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Book & Print in New Zealand : A Guide to Print Culture in Aotearoa

Notes on Contributors

Notes on Contributors

James Bade, Senior Lecturer in German and Assistant Dean of Arts at the University of Auckland, is editor of and major contributor to The German Connection: New Zealand and German-Speaking Europe in the Nineteenth Century, Oxford University Press (1993). A companion volume on the 20th century is due for publication by OUP in 1998.

Ann Beaglehole is an historian who came to New Zealand after the Hungarian uprising in 1956. She has written about immigrants from Central and Eastern Europe who settled in New Zealand before and after World War II, and about the New Zealand Jewish community. Her books include A Small Price to Pay (1988) and Facing the Past (1990). Currently she is a policy analyst at the Ethnic Affairs Service, Department of Internal Affairs, Wellington.

Jennie Coleman graduated MusB (Hons) from the University of Otago and MMus (ethnomusicology) from the University of London. Her PhD thesis, 'Transmigration of the Piob Mhor' (the Scottish Highland bagpipe), has encouraged a keen interest in the Gaelic language. Dr Coleman's academic involvement in things Celtic includes the presentation of papers at Celtic Studies conferences in Australia in 1992 and 1995.

Kathleen Coleridge is Special Materials Librarian at Victoria University of Wellington. She has written a number of publications on aspects of printing and the book trades in early Wellington, including Building a Paper Economy: Advertising in Wellington Newspapers (1991), and a recent paper on ornamental typefaces.

Roger Collins has recently retired from the French and Art History departments at the University of Otago. His interest in Franco-New Zealand contacts has generated numerous articles, the exhibition 'New Zealand seen by the French', which he curated at the National Library of New Zealand in 1991, and the bilingual journal Antipodes which he edits.

Tony Deverson is a senior lecturer in English at the University of Canterbury, where he has taught medieval literature and English language since 1966. His chief research interests are in New Zealand English lexis and lexicography. He has co-authored (with Elizabeth Gordon) a number of textbooks on New Zealand English, and is the editor of the second edition of the New Zealand Pocket Oxford Dictionary (1997).

Nicola Frean is currently establishing a local archives collection for the Upper Hutt Public Library. She has an MA (Hons) in history and a postgraduate diploma in librarianship, and has worked at National Archives and as Newspaper Librarian at the Alexander Turnbull Library.

Penny Griffith is a former librarian with a continuing interest in New Zealand bibliography, printing and publishing history. She is now a freelance editor and desktop publisher and Managing Editor of the Turnbull Library Record.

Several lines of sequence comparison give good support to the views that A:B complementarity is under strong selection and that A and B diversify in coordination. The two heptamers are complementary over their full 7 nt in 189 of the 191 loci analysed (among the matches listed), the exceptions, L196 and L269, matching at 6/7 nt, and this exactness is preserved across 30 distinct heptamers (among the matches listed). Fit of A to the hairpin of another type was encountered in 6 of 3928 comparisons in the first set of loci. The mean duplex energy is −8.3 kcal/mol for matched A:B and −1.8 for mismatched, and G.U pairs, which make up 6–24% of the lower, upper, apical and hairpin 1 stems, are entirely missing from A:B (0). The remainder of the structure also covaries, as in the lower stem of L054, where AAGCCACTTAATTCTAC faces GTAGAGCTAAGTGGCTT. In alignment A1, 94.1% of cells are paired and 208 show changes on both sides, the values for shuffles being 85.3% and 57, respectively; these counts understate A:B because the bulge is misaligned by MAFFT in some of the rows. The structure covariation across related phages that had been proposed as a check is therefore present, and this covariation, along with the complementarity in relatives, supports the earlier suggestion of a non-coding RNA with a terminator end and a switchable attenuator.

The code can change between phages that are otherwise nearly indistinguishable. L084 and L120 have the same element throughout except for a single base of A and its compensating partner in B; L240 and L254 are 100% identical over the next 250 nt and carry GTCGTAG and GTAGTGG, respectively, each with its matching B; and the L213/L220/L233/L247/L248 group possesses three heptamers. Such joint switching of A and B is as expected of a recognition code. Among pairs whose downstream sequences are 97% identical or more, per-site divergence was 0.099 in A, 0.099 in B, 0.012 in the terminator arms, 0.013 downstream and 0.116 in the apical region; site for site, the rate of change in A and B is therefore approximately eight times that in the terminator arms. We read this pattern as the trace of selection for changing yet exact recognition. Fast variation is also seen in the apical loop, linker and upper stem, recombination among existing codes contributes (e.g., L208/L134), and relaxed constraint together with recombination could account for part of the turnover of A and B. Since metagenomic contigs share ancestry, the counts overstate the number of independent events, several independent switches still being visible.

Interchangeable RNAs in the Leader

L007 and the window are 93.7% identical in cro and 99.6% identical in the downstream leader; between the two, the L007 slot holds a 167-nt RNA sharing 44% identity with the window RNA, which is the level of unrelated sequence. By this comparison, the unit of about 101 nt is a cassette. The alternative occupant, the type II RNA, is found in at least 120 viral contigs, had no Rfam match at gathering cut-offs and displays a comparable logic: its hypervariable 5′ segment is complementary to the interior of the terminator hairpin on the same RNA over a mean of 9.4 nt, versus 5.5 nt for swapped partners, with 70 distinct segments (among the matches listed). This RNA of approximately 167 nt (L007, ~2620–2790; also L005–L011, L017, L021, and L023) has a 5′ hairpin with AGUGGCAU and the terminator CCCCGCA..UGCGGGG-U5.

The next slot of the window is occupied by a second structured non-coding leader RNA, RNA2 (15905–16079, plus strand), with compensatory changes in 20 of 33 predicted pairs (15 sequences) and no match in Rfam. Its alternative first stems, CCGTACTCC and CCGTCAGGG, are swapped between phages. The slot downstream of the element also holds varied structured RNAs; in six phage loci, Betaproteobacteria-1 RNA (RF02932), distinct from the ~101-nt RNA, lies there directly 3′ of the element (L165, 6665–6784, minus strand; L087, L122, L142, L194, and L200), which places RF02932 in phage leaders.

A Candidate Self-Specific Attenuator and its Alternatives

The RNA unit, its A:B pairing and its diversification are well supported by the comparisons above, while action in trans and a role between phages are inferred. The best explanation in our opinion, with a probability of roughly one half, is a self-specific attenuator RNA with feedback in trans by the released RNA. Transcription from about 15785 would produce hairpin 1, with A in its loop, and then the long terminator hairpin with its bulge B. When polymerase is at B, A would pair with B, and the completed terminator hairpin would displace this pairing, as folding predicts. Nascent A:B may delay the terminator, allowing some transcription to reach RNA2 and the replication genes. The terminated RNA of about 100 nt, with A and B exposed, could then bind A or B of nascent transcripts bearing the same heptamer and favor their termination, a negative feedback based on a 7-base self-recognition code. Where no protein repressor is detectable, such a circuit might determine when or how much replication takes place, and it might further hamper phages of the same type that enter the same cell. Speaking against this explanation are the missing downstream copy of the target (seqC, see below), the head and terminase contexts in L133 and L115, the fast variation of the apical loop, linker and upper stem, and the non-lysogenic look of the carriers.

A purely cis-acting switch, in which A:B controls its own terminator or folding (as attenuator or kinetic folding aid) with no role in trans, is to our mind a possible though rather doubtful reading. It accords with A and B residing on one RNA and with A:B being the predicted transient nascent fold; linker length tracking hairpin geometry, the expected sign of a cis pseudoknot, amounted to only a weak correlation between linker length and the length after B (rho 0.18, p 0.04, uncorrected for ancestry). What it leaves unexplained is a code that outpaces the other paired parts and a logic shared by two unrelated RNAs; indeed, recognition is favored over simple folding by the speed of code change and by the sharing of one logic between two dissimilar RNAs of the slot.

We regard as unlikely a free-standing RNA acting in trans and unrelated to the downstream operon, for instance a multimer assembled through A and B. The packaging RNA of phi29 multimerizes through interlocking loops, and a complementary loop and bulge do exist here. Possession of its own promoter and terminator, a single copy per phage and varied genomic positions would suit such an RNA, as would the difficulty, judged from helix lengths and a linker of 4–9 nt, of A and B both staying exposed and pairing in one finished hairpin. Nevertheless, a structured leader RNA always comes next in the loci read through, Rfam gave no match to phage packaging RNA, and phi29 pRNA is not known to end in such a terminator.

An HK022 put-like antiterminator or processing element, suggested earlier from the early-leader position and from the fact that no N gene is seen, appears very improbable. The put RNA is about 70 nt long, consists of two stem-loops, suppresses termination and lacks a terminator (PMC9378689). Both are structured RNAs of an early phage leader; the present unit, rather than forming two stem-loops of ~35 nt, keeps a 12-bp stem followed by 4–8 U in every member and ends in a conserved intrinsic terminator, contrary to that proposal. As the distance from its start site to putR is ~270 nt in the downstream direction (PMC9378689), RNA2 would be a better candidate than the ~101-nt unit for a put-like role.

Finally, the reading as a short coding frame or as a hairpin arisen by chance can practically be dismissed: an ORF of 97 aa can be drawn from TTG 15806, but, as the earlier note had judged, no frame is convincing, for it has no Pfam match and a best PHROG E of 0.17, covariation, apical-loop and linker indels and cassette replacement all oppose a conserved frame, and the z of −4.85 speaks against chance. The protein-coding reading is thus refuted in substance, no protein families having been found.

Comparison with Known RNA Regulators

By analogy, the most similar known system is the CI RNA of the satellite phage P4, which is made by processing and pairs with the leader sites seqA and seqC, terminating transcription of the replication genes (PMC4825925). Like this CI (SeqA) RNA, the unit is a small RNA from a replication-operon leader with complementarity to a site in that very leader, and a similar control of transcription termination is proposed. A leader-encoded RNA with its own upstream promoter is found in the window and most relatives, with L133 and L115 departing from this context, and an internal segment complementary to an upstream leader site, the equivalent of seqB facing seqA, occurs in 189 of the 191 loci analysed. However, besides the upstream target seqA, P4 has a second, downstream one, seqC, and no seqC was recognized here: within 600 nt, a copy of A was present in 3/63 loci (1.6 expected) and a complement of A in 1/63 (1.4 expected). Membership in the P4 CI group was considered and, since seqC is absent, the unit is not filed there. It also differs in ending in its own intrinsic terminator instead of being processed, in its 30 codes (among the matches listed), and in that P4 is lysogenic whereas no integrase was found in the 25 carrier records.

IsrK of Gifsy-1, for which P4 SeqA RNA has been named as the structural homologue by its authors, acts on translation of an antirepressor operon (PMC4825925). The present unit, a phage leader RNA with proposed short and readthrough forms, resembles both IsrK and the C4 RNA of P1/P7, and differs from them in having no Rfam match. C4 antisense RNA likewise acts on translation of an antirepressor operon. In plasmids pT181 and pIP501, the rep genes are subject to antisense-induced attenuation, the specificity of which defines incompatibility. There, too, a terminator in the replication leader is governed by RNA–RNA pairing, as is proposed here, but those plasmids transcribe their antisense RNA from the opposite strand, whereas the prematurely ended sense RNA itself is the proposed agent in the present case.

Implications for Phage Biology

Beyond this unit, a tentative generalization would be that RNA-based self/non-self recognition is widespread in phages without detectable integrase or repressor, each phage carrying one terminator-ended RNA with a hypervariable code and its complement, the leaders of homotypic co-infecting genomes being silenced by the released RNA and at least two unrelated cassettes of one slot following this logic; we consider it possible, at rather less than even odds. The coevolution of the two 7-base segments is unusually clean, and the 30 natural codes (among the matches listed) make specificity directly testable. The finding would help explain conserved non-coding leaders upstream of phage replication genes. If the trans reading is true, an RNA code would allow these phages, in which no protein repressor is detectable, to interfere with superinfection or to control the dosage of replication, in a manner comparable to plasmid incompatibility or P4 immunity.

George Griffiths was a journalist on newspapers in New Zealand and England, and spent 30 years with the Otago Daily Times as sub-editor, columnist, chief editorial writer and book editor. In 1978 he founded, with Judy Cox, Otago Heritage Books, publishers and booksellers. He is the author of King Wakatip (1971), Otago University at Cricket (1971), Names and Places in Southern New Zealand (1990) and other works. He has edited and published over 50 publications through Otago Heritage Books.

Michael Hamblyn is a library manager from Dunedin. He has written extensively on New Zealand's colonial publishers, has published short stories and is preparing several books on publishing in 19th-century New Zealand.

Stephen Hamilton recently graduated PhD in English from the University of Auckland. His thesis discusses the role of literary magazines in the development of New Zealand literature between the wars. He is currently editing the Early Maori Imprint Project at the Alexander Turnbull Library.

Ross Harvey, Associate Professor in the Department of Information Studies at Curtin University of Technology in Perth, Western Australia, was formerly Newspaper Librarian at the National Library of New Zealand. He has published in the field of New Zealand newspaper history, and in 1995 established the Elibank Press with Rachel Salmond, to promote the study of the history of print culture in New Zealand and Australia.

Robert Holding has been actively involved with Pacific Island publications since the early 1970s, and established the Polynesian (now Pasifika) Press and Bookshop in Auckland in 1976. He is also an editor/designer and consultant on bookshop operations and Pacific Island affairs.

Galumalemana Alfred Hunkin was born in Western Samoa and has degrees in history and anthropology. He has taught Samoan at community, Police Department and tertiary levels for 20 years, and is currently Coordinator and Senior Lecturer of the Samoan Language and Culture programme at Victoria University of Wellington.

Lynne Jackett reviewed and later selected children's books for School Library Service, National Library of New Zealand Te Puna Mātauranga o Aotearoa for nine years, and compiled and edited The Book Corner: Best Books for Young Children (National Library of New Zealand, 1989-94). She is the Curator of the Dorothy Neal White Collection, National Library of New Zealand. She would like to acknowledge the invaluable assistance provided by Mary Hutton and Mary Atwool to her contribution.